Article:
Victoria’s Weekend

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May 15, 2015 by T. Gregory Argall

A little bit of Canadian background information for my American friends…

This weekend is, in Canada, a long weekend. Monday is a statutory (national) holiday, known ’round these parts as Victoria Day. The holiday recognises the birthday of Queen Victoria, which was the 24th of May, 1819. This year, we celebrate it on the 18th of May because, well, just because.
In Canada we have the Metric System and in the Metric Calendar the 24th of May, 1819 is the Deca-Annum equivalent of the 18th of May, 2015. Ask any Canadian; they’ll tell you. (If, as Americans, you can find nothing on the internet to confirm this, it’s just more evidence of the anti-Metric factions of your own government blocking its citizens access to information that the rest of the world takes for granted.)

Regardless of which date the day lands on, it is known locally as the May Two-Four Weekend, because tradition requires Canadians to each purchase a 24 bottle case of beer (colloquially called a Two-Four) and head up to the cottage. In our absence, the major cities of Canada are patrolled by hoards of heavily-armed, battle-hardened moose, so don’t even think about invading your northern neighbour. It would be a regrettable choice.

So, while you spend this weekend not plotting an attack, here are some interesting facts about Queen Victoria for you ponder.

  • Queen Victoria was an avid skydiver. As airplanes had not yet been invented during her time on the throne, she would regularly fling herself from the highest parapets of Windsor Castle, opening her parachute at the apex of her leap. She was, in fact, a pioneer of B.A.S.E. jumping.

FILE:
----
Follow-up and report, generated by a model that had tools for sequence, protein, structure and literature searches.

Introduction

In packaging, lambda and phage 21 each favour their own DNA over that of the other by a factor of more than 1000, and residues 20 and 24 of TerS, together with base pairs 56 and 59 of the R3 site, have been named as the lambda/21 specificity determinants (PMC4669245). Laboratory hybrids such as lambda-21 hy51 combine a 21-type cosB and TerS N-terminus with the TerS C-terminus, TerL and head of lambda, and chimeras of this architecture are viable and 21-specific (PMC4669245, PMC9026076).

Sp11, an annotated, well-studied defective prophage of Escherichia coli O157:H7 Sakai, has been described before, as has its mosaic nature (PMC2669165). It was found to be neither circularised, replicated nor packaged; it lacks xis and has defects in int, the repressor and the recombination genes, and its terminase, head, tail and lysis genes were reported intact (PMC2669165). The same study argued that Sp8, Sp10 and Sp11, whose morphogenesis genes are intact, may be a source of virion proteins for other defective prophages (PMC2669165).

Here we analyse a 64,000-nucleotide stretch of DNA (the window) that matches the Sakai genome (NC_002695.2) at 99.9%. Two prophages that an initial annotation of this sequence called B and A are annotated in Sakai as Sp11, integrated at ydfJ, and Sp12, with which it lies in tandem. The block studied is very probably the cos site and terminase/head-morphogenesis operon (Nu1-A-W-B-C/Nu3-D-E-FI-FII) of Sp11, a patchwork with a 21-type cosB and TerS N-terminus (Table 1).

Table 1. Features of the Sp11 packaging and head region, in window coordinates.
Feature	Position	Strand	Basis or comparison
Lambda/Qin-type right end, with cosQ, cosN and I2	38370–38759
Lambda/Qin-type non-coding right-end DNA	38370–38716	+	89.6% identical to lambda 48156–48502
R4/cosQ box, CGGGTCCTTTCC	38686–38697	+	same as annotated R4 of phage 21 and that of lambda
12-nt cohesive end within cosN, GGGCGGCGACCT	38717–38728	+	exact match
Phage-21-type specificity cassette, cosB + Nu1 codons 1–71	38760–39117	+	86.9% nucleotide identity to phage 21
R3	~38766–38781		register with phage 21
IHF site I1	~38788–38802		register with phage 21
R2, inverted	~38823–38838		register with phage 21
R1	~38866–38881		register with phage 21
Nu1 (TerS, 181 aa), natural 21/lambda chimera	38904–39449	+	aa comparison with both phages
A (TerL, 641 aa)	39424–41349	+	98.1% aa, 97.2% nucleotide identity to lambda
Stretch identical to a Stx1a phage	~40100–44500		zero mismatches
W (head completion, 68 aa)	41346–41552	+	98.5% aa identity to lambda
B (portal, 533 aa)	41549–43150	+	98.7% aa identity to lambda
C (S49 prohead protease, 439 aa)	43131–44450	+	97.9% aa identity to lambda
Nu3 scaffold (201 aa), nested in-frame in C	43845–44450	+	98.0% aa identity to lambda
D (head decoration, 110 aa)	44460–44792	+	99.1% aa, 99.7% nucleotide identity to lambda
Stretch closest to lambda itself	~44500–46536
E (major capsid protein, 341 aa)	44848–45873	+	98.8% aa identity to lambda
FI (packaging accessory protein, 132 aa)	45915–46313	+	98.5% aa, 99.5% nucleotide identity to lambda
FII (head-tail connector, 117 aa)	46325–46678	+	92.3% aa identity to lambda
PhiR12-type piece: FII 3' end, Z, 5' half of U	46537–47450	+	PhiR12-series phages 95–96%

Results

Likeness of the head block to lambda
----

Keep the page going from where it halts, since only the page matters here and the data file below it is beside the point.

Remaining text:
• Queen Victoria never actually visited Canada but it’s quite possible that she thought she had. She once traveled from England to Scotland by ocean liner, so her understanding of geography was dodgy at best.
  • Queen Victoria once dated Billy Connolly. I saw it in a movie.
  • Queen Victoria had a significant following of dedicated fans. Referring to themselves as Vic-Tics, they would travel around Great Britain, following the Queen to her many public appearances. Some devoted Vic-Tics would get tattoos commemorating particularly memorable concerts.
  • Queen Victoria invented twerking.
  • Queen Victoria and Betty White once met as children on holiday on the Isle of Man. They became close friends in a short time and even solved a local murder mystery. Disney has the film rights.
  • Queen Victoria could crush rocks with the power of her mind, but she rarely did because it messed up her hair.


Once again, if you can find no confirmation of this information on the internet, question your government and their decades-long policy of web-restriction.

Enjoy the weekend. Try to be nice to each other.



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